Volunteering for research
For dementia research to progress, we need volunteers to take part in studies and clinical trials.
There are different ways that you can volunteer for research, depending on how you would like to contribute and whether you are already part of what is known as a 'cohort study'.
Cohorts are groups of people from whom researchers collect data over a long period of time. This is called longitudinal data. The data collected can be anything from biological samples (such as DNA) to lifestyle questionnaires, which are repeatedly gathered at regular intervals.
Researchers choose a particular topic to focus on (for example, whether there is a link between dementia and diabetes) and pick out the relevant data from the wider information available about a cohort. Because so much varied data is collected about the same people, it allows scientists to investigate the links between a wide array of different things.
Many scientists use cohort data to explore which of a person's features might contribute to the development of dementia. They do this by taking the people in a cohort who have dementia and going back in time to see what similarities they share that could have caused it.
The DPUK Data Portal contains over 50 cohorts with millions of health records that any researcher can apply to use for free to study dementia – and it's all thanks to the hundreds of thousands of people who volunteered to be in the cohorts.
Am I eligible?
Dementia research needs people both with and without a diagnosis of dementia so that researchers can understand why some people develop dementia while others don't.
Some studies only recruit people who have specific characteristics, like Alzheimer's disease or diabetes, so that they can investigate that in more detail.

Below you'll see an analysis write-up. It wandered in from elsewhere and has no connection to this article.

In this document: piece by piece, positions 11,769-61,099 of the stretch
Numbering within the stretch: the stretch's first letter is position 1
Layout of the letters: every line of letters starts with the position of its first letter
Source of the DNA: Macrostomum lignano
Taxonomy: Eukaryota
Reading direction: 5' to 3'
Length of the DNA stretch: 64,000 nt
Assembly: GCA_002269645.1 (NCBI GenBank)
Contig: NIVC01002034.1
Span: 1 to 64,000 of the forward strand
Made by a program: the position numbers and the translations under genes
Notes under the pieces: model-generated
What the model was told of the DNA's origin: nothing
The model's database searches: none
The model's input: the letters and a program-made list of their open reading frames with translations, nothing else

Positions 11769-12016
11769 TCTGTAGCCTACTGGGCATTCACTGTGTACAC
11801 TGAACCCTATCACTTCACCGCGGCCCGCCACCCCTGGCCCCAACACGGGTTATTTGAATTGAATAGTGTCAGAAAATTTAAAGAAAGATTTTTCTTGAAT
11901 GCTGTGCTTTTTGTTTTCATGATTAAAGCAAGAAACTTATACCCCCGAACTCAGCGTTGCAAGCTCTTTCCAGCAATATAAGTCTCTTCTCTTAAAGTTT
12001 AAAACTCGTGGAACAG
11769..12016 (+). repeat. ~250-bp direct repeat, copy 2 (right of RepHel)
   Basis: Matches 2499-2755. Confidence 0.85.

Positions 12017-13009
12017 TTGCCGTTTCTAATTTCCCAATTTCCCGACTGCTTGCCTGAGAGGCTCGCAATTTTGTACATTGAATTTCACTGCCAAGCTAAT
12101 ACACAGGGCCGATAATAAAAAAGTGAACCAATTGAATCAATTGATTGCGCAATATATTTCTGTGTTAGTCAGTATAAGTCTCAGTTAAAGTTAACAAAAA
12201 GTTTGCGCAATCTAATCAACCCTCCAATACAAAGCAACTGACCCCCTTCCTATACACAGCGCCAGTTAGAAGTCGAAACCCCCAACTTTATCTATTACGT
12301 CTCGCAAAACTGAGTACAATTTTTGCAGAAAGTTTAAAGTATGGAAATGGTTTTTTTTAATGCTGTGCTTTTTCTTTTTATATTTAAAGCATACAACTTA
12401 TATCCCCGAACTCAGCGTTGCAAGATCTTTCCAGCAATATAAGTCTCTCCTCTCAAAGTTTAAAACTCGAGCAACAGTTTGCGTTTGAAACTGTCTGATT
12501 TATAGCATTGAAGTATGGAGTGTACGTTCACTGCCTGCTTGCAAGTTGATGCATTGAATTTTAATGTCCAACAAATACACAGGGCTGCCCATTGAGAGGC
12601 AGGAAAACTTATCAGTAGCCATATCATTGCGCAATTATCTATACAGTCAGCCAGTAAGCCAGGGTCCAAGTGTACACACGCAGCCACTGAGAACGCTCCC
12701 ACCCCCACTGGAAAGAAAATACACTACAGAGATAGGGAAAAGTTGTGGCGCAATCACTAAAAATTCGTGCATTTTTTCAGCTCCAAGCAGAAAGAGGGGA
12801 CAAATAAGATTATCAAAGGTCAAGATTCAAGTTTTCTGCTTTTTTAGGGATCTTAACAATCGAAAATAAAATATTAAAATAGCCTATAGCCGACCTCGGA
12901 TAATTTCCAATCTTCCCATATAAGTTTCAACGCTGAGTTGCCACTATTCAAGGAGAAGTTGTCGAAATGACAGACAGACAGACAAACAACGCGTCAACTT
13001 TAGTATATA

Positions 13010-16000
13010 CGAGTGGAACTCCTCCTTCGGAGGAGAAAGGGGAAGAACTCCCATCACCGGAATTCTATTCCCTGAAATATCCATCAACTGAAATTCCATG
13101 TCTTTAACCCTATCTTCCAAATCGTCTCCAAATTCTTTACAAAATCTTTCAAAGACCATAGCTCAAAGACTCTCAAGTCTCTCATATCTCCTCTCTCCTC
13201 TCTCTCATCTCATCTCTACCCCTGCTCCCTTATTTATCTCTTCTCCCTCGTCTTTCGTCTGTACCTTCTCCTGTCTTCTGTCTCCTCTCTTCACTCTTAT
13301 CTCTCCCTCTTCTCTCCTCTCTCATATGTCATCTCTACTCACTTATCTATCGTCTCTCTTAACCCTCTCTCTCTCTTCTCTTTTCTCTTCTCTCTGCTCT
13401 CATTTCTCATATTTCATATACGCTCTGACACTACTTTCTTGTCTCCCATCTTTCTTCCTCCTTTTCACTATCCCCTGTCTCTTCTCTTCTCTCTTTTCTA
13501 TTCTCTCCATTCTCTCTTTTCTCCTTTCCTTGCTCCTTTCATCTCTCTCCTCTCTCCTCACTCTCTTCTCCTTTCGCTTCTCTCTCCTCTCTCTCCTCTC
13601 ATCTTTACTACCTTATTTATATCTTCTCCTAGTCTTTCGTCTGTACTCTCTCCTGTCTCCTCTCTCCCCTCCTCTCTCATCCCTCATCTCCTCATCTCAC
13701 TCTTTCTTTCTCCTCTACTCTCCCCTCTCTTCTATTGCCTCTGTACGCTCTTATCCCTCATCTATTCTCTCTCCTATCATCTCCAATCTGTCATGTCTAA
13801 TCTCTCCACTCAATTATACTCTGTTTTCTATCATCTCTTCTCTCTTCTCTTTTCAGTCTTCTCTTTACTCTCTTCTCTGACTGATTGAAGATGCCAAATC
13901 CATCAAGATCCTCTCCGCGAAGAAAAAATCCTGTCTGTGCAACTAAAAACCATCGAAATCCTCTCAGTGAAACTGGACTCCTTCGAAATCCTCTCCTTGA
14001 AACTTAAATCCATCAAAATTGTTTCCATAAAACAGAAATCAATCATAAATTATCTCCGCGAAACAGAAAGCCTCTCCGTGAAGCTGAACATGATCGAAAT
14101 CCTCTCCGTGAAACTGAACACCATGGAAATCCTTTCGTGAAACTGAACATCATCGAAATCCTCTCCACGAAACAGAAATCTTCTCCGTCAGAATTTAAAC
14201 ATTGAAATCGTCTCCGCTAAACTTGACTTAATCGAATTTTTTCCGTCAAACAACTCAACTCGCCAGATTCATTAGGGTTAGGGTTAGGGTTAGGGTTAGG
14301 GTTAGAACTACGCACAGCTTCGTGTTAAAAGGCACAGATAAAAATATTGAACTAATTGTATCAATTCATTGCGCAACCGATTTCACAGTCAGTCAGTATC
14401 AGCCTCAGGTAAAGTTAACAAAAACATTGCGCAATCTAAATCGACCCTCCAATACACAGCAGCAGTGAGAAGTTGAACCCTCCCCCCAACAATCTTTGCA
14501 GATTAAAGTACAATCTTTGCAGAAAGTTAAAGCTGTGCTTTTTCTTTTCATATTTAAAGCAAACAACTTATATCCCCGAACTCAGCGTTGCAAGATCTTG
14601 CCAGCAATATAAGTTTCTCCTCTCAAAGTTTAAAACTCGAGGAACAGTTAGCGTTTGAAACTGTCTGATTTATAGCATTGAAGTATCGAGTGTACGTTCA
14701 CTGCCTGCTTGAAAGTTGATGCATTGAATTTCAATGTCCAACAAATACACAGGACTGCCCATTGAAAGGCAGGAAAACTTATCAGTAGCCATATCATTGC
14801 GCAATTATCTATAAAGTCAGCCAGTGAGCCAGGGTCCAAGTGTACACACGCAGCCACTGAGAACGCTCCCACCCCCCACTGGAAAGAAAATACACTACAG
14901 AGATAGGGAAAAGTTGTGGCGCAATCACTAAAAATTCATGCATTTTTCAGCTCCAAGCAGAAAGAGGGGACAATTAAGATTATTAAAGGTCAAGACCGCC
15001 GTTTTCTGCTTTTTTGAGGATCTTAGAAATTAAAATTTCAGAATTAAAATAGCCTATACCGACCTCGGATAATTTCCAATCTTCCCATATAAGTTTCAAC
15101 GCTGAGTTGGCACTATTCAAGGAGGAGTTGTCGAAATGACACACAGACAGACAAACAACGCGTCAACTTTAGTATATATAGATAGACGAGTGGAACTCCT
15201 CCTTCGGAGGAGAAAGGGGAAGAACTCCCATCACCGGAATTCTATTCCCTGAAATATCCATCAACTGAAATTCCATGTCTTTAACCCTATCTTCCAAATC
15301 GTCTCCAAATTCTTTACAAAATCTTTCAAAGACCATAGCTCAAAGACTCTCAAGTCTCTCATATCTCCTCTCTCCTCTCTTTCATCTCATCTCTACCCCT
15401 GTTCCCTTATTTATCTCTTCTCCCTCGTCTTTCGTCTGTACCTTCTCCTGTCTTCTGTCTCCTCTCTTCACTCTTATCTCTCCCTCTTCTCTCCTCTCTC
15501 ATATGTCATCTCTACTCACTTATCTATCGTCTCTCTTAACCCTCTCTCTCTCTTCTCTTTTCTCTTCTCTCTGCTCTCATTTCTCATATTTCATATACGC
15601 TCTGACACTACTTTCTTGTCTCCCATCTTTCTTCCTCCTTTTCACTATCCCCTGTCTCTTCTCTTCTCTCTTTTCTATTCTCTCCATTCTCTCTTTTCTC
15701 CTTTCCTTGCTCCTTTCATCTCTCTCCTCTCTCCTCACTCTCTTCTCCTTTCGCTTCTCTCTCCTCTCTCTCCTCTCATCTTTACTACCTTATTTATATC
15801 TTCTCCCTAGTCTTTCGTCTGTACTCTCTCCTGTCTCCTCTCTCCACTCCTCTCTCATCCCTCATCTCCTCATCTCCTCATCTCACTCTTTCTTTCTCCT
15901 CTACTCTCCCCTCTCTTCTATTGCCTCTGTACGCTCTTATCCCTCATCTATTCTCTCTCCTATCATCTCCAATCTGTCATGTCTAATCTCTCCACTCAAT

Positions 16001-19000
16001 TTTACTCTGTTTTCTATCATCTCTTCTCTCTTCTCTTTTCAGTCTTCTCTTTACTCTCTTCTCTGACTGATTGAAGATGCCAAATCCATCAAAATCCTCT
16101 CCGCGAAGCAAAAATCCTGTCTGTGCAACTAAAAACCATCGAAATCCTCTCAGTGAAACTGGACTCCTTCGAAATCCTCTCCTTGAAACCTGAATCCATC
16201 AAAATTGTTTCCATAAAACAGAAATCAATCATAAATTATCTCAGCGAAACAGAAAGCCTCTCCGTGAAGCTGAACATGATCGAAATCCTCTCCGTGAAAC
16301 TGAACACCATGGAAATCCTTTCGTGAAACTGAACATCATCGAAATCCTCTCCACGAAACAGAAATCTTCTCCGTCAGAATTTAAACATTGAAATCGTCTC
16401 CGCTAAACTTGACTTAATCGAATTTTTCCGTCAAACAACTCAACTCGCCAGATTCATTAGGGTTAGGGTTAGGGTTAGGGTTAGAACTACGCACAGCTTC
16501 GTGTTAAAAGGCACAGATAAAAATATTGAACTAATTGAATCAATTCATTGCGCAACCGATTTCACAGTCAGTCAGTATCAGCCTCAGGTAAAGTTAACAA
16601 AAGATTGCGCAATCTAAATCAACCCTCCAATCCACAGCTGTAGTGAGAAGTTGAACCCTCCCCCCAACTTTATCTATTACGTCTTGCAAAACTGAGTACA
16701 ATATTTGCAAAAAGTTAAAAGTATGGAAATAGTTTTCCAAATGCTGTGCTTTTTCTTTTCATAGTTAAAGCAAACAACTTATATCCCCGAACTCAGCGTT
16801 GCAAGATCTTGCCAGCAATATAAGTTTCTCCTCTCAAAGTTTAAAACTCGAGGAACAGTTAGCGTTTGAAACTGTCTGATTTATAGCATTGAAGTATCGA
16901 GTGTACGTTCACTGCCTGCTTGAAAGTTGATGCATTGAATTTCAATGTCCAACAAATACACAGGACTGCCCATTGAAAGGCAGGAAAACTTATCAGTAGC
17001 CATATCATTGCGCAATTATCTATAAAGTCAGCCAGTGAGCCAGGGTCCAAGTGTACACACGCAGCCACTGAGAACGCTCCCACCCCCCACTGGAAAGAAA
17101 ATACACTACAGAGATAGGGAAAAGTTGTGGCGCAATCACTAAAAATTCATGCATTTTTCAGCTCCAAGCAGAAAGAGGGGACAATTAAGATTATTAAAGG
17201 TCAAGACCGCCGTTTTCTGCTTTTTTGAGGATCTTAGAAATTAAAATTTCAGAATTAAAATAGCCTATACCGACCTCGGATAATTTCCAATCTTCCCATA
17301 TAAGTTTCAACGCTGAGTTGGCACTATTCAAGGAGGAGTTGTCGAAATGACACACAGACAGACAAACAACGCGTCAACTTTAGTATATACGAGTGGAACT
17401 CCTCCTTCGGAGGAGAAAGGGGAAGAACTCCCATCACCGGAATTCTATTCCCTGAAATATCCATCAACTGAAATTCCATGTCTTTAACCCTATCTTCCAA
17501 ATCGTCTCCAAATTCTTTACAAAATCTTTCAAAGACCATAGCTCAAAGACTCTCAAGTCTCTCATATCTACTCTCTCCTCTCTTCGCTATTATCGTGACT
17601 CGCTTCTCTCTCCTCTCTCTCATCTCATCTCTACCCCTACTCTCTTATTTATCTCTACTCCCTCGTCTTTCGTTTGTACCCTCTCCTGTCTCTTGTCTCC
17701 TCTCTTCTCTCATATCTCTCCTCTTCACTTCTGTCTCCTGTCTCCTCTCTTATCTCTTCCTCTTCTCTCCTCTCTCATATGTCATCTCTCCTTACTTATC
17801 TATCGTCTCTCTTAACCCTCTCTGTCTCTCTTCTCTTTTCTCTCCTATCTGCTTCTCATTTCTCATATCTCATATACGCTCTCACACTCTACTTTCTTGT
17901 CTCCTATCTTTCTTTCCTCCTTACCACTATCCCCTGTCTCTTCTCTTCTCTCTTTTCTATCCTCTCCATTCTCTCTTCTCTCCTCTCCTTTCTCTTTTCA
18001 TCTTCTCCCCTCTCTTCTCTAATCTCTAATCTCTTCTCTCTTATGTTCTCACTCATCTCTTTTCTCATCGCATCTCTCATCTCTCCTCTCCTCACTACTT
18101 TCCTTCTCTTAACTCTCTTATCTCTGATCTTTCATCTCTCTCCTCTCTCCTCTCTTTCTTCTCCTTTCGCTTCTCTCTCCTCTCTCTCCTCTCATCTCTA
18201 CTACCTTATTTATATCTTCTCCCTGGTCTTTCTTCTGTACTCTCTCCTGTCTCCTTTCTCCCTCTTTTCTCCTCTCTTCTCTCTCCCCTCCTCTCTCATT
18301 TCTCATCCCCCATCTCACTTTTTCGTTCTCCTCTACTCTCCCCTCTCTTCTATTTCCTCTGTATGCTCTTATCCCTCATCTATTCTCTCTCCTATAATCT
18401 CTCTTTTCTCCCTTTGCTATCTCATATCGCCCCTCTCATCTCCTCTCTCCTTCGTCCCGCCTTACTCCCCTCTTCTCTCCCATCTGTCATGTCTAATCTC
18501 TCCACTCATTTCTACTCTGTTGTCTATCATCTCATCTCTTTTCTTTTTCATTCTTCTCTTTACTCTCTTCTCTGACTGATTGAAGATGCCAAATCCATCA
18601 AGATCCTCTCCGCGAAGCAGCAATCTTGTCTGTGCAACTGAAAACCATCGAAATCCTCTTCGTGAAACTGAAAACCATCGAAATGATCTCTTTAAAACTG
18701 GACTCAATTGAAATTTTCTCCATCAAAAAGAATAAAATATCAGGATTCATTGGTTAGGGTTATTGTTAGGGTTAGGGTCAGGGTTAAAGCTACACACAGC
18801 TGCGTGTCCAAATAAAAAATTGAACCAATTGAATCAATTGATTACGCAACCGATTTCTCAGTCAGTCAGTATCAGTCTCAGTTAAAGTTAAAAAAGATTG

Studies may also have 'exclusion criteria', which are a list of things that they don't want in their participants because it could have an effect on what is being studied. For example, many research studies can't include people with several conditions because they wouldn't be sure which of them is producing the results.
Hear first-hand from some of the volunteers who are taking part in research that will help beat dementia:
- Sally Harbourne from the New Therapeutics in Alzheimer's Disease study.
- Marianne Talbot from the English Longitudinal Study of Ageing cohort.
- Andy and Tish Bird from the New Therapeutics in Alzheimer's Disease study.
- Bernard Clarke from the Deep and Frequent Phenotyping study.
How to register your interest
Join Dementia Research (led by the National Institute for Health and Care Research) welcomes anyone over the age of 18 to volunteer for research. Find out more and sign up on their website.
If you are part of a cohort study already, you may be able to join DPUK's Great Minds register. Find out more about joining Great Minds.
You can also register directly for the following DPUK studies:
The New Therapeutics in Alzheimer's Disease study is seeking volunteers. You can find out more and register your interest here.
The Deep and Frequent Phenotyping study – the world's most in-depth study into early Alzheimer's disease – is recruiting participants at sites around the UK. Find out more and register your interest here.